Thursday, March 12, 2015

Stories Left Untold

My planned topic for today, whatever it was (and if I even had a plan other than a few random thoughts flitting around) vanished when I got on Twitter this morning, apparently just minutes after the official announcement of Terry Pratchett's death. It's not a huge surprise, as it's been known for a while that he had a form of early-onset Alzheimer's disease. I just hadn't realized that the end was possibly so near. Although I do have some mutual friends and was a Facebook friend (because of the mutual friends, when I got on Facebook he popped up in the "people you might also know" thing, and I figured what the heck and sent a friend request, which was accepted), I never actually really interacted with him, so my main reaction is a sense of loss of the stories that will never be told.

In case you haven't read it (and you really should), the Discworld series is a vast, sprawling conglomeration of stories set in a particular world that's a lot like our own in many respects but that's also got all the elements we're used to seeing in fantasy stories -- dwarfs, trolls, vampires, werewolves, kings, dungeons, wizards, witches, etc. It's the kind of thing that manages to be both a brilliant satire and a good example of the thing it's satirizing, but the satire extends into the real world to mock our own institutions. And it's funny. Really, really, laugh-out-loud to the point of disturbing the neighbors funny. These are the kinds of books you have to re-read multiple times -- first time for the story, to find out what happens. Next time to pick up on all the satire and social commentary. Then later to catch all the little jokes you missed while reading for the story, characters and social commentary. I've found myself laughing out loud at a throwaway line I just noticed in a book I've read at least five times.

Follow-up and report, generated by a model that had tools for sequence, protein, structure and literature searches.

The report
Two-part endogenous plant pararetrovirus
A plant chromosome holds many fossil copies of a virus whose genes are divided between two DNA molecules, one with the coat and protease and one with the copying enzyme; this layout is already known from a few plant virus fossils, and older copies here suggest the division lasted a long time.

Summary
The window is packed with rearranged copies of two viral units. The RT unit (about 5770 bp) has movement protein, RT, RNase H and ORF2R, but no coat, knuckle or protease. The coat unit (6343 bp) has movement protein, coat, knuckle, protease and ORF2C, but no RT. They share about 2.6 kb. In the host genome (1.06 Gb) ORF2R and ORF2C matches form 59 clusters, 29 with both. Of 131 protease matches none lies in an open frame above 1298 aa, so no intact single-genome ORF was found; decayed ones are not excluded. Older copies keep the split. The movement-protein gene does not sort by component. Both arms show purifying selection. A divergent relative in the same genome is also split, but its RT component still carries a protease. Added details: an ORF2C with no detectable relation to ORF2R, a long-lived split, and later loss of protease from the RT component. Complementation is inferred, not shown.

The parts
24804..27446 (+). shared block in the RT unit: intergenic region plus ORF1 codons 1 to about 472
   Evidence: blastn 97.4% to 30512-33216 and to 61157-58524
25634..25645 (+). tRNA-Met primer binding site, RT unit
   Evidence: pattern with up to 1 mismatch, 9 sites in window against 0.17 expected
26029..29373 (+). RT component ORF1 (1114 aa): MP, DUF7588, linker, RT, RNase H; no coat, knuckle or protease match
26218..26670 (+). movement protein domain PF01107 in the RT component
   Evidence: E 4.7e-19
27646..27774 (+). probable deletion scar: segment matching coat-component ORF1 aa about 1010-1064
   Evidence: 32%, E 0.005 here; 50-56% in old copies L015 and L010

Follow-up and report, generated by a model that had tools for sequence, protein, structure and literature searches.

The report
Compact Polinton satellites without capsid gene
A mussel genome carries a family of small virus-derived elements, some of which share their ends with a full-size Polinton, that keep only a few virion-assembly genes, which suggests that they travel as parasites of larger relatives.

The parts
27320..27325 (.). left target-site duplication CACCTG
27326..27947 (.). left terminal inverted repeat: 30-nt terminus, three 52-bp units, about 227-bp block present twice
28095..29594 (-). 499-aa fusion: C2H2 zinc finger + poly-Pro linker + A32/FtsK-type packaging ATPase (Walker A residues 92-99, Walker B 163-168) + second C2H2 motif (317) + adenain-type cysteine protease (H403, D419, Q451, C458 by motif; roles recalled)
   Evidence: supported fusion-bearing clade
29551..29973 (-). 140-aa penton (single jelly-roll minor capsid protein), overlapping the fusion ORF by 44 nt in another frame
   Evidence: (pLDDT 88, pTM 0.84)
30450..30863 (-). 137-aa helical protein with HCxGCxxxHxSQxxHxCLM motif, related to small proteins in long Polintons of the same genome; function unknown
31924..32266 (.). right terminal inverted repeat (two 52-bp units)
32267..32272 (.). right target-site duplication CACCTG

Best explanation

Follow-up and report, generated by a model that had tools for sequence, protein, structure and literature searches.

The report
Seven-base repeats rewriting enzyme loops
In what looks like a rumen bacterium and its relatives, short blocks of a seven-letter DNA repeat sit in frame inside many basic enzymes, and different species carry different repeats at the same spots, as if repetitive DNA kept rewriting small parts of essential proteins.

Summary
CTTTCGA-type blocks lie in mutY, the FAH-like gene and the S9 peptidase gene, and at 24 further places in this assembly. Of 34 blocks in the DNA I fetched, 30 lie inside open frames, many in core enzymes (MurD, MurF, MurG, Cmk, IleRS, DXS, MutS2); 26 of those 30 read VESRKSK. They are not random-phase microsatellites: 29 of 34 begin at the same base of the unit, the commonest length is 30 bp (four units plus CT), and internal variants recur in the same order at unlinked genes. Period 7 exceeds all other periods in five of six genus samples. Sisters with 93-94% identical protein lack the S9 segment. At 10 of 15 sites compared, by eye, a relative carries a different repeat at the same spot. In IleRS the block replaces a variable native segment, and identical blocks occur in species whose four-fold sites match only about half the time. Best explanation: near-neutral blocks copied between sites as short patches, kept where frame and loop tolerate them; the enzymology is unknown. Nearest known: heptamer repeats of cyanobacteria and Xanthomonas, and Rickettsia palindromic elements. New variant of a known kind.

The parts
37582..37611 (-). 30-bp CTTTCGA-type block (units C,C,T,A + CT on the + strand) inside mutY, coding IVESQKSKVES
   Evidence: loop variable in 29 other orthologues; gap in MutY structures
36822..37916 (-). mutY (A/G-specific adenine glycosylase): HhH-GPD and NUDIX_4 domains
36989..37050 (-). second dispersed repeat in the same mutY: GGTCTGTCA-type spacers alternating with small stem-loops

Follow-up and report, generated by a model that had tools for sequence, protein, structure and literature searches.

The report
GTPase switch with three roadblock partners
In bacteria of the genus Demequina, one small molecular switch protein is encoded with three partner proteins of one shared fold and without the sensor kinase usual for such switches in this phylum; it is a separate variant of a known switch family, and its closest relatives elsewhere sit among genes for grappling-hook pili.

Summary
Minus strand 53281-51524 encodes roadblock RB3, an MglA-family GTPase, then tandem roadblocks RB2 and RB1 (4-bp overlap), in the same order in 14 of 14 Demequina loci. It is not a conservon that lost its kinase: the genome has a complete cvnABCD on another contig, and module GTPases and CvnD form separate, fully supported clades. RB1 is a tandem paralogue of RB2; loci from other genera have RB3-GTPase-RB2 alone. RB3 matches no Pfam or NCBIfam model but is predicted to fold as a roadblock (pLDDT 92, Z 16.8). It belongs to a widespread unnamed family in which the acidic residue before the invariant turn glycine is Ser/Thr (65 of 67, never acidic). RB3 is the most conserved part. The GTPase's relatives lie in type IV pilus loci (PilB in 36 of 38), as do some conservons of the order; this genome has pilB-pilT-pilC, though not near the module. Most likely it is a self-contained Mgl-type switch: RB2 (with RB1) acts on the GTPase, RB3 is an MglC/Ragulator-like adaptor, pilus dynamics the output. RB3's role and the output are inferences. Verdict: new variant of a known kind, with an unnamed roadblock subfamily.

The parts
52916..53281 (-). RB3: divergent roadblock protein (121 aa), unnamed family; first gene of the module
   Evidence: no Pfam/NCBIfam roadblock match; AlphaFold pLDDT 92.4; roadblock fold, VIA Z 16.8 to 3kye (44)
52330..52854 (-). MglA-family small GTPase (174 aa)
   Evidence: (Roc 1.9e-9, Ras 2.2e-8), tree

Within this same universe, there were several "series" focusing on a particular aspect or group of characters, though some characters crossed over into multiple stories. There were the Witches books, the Wizards books, the Guards books, the Death books (though Death appeared in other books), and what I suppose you could call the "technology" books (mostly starring semi-reformed former(?) con man Moist von Lipwig). I love Death as a character, but I probably was most invested in the Guards books, and I think that's where I'm feeling the loss because I got the sense that he was setting up something big and gradually heading toward it, and it looks like he didn't ever get there. So we won't know what will become of the young policeman who may actually be the long-lost king and who's starting to pull some pretty impressive strings behind the scenes, so far with only the best of intentions.

Though I suppose we did get one last story, as his Twitter feed announced his death in a way that fit with his books, with Death himself coming to take his arm and walk away with him into the night, with the final tweet being "the end." Here's the final story.

And now I think I'm getting a little weepy. Part of me suddenly wants to do a massive re-read, and part of me is afraid that might be a little too painful right now. Instead, I may just work on my own book because there are stories to be told.

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